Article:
The Garden City Telegram
9/25/2012
SOUTHWEST LIFE

Ready to do a 360? Come volunteer your time as a 4-H project leader

By BARBARA ADDISON and ALLI BURNS

Finney County Extension agents

In a world that seems to operate 24 hours a day, seven days a week, life can become very hectic. Today's youth need a caring adult willing to teach them life skills, leadership and citizenship. By committing 360 minutes of your time to being a 4-H project leader, you can help youth develop into responsible, self-directed productive citizens of the community.

Learning by doing is the basic philosophy of the Kansas 4-H youth development program. 4-H project work occurs over a period of several weeks or months during the 4-H year. A minimum of six hours of adult-guided instruction is recommended by Kansas 4-H to complete a project.

Learning is a natural, lifelong process for everyone, young and adults. 4-H recommends allowing at least 60 minutes for each project learning session. Give 360 and connect with kids in a 4-H Club or county group and teach them skills for life.

The Project — A Cornerstone of 4-H: Within the 4-H project, youth learn things to do, things to make and things to explore. In 4-H, the project is where learning by doing takes place. As a project leader, volunteers can make a difference in what and how youth learn. Project leaders serve as mentors, coaches, resource partners, teachers and are positive role models to youth. A 4-H project is planned work in an area of interest to the 4-H member. It is guided by an adult volunteer, who is the project leader, to help youth reach goals.

As a volunteer, the return on your investment is something that money can't buy, knowing that you have made a difference in the life of a child. Invest in the future today.

Are you ready to do a 360? Pledge to share 360 minutes this year with 4-H'ers in Finney County. Contact Finney County 4-H at the Kansas State Research & Extension — Finney County Extension Office at 272-3670, 501 S. Ninth St., or at www.fi@listserv.ksu.edu to learn more about becoming a 4-H project leader. Share your skills and take the 360 challenge today.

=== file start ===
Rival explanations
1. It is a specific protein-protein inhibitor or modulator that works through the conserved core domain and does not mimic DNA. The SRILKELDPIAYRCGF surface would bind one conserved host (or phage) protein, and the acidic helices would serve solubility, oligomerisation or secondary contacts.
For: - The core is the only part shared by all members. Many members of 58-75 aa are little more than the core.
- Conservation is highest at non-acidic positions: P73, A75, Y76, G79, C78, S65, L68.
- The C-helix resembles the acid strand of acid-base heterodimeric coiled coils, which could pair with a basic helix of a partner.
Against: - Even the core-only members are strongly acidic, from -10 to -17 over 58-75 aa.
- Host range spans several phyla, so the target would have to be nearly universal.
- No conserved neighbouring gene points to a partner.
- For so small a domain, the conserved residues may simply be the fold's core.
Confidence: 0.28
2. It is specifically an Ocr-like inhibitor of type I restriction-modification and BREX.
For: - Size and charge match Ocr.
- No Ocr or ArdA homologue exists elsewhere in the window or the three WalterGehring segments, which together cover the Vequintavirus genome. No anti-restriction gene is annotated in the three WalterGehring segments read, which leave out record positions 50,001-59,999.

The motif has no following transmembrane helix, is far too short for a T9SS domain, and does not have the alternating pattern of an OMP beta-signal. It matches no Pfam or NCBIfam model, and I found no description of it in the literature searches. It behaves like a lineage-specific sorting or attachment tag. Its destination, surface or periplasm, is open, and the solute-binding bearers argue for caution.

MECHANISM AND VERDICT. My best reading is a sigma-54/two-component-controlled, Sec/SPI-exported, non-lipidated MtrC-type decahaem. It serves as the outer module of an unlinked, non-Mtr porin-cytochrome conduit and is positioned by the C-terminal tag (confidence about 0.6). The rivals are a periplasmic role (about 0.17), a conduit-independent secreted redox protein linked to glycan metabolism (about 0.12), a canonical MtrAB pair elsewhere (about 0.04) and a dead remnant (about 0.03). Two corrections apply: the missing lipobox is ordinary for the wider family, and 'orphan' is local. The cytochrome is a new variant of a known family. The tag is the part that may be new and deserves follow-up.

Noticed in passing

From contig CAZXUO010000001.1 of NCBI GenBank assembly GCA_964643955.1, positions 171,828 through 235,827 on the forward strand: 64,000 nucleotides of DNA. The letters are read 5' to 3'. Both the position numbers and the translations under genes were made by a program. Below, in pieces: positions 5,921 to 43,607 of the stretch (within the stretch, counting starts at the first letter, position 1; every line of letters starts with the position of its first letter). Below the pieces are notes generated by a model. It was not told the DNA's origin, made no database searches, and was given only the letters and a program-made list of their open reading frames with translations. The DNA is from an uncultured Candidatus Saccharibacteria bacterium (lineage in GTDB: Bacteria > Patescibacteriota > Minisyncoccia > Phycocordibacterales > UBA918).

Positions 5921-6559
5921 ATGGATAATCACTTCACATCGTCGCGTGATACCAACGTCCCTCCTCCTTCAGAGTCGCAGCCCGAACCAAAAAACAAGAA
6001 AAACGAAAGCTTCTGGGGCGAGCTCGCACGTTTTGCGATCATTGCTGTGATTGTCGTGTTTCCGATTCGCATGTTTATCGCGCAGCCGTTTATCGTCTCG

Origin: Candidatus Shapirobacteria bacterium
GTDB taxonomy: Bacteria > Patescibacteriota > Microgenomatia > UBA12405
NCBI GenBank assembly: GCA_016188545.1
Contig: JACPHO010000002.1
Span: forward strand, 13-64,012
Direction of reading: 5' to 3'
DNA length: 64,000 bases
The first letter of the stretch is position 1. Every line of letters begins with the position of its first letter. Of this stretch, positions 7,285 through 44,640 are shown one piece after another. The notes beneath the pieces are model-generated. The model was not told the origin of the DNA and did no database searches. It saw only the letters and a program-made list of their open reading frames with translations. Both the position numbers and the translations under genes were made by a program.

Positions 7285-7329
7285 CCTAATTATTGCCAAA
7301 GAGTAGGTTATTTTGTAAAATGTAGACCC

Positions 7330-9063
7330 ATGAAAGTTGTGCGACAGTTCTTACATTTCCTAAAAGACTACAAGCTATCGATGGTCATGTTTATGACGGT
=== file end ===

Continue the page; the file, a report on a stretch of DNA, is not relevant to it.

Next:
Summer stresses on pine, spruce and fir

Again, this year's heat and drought has been tough on trees, especially evergreens. Spruce, fir and pine are not well adapted to Kansas conditions, and high-stress years like this one can lead to decline and death. There are natural conditions that can make the tree look like it is dying that actually are not harmful.

According to Extension Specialist Ward Upham, if needles on the inside of the tree turn brown, but those on the outer branches remain green, the tree is going through natural needle drop. Natural needle drop does not harm the health of the tree and is a normal process as two- to four-year old needles are shed. Drought may increase needle drop, but in itself does not harm the tree. In some cases, all the needles on a branch are turning color. On pines, this may be due to pine wilt, a fatal disease found primarily on Scots and Austrian pine. Other diseases may cause similar symptoms. Often it is best to take a sample to your local K-State Research and Extension office to be diagnosed. This year, the cause of many evergreen problems is not disease, but stress. The heat and drought of this summer may have stressed trees to the point they may lose branches or die.